Before the late 1940s the blue shark was only known to live in British seas from occasional specimens caught in the western English Channel. They were found tangled in the drift nets set for pilchards. Apart from the nuisance value – they rolled themselves in the nets and it took a long time to untangle them, and even longer to repair the nets—they were regarded as rather rare fish in British waters.
However, just after the end of World War II Brigadier J.A.L.Caunter began to explore the possibility of catching blue sharks from his boat off Looe, Cornwall. He found that in summer blue sharks were common off the Cornish coast, and from then on shark fishing out of Looe and other coastal ports became a small industry. (Sadly, their num- bers have dwindled over the years because of overfishing.)
The blue shark is easy to recognize – its long, slimline body, large, upper lobe to the tail and immensely long, sickle-shaped pectoral fins are characteristic. The back is deep blue, the sides a brilliant blue and the belly translucent white. This vivid, distinctive colouring fades to a dull grey soon after death.
Mainly a surface-dwelling shark, it lives to depths of 150m (500ft). Where it occurs is dictated mainly by temperature: it prefers water that is between 7-16°C (45-61°F), but can tolerate temperatures up to as much as 21°C(70°F).
As a result, the blue shark only turns up off British coasts from mid June to the end of September – the water is simply too cold for the rest of the year. It is found off the southern and western coasts of Ireland for more or less the same period, and is occasionally encountered off the coast of western Scotland.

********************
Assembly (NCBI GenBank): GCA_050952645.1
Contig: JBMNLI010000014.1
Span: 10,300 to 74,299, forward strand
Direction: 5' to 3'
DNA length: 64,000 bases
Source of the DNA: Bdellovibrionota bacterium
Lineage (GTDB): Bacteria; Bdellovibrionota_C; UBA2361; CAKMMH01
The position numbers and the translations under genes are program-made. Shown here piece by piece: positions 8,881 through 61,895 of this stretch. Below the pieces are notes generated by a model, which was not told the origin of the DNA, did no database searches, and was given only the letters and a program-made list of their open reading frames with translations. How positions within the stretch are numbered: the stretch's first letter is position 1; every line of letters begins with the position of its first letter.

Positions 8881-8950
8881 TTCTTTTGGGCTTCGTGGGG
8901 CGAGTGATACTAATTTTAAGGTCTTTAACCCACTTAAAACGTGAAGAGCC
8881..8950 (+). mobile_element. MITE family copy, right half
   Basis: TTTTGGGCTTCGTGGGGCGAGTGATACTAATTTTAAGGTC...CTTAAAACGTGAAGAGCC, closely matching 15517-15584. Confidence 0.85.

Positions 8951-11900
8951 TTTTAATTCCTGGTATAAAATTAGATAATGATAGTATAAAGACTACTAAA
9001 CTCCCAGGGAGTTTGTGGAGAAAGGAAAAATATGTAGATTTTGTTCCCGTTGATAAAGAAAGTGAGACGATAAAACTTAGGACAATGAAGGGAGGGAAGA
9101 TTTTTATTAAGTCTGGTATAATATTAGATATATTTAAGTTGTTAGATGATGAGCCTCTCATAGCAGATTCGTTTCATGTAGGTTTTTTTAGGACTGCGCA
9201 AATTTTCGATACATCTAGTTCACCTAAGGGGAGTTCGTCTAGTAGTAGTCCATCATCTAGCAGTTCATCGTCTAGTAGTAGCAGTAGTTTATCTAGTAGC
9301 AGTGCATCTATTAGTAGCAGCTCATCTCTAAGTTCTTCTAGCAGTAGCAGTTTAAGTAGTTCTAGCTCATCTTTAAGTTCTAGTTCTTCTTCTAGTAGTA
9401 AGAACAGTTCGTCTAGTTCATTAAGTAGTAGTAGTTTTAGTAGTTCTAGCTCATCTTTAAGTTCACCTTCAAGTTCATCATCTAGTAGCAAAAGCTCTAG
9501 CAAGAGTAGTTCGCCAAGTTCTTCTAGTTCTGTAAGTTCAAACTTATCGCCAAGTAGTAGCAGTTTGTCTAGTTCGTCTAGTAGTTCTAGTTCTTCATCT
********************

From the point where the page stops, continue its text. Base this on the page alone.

Tagging blue sharks has shown they make a circum-Atlantic migration. Leaving British coasts at the end of September, they turn southwards, making a huge clockwise sweep into the tropical Atlantic before crossing southwards towards South America. Here they pick up the warm water of the North Atlantic Drift, a strong current flowing north-eastwards across the northern Atlantic. Passing close to the Azores before hitting south-west Britain, they split into two – one branch continuing up the west coast of Ireland, the other turning south to the Bay of Biscay.
In some years the current is stronger and more persistent than usual and this accounts for the presence of blue sharks in the northern North Sea.
The blue shark feeds mainly at night on various small fish and squid. In British seas its diet consists mainly of pilchards, herring, mackerel, skippers and garfish. It also feeds on offal and rubbish from boats.
Anglers attract sharks by hanging a bag of mashed bits of oily fish – rubby dubby -over the side, then dropping their bait into the scent trail it creates. Sharks can follow scent trails in the water for long distances and, with their acute sense of smell, can detect wounded fish from a considerable distance.
The vast majority of sharks around British coasts are immature females – about one in 5000 is male – and very few are mature. Where the sexes meet and mate is still something of a mystery.
Blue sharks are one of the shark species that bear live young. The number of blue shark pups born at any one time varies with the size of the mother – the greatest number recorded is 135, but in British seas litters of between 20 and 30 are usual (though few have been reported). The young are about 38-46cm (15-18in) long at birth.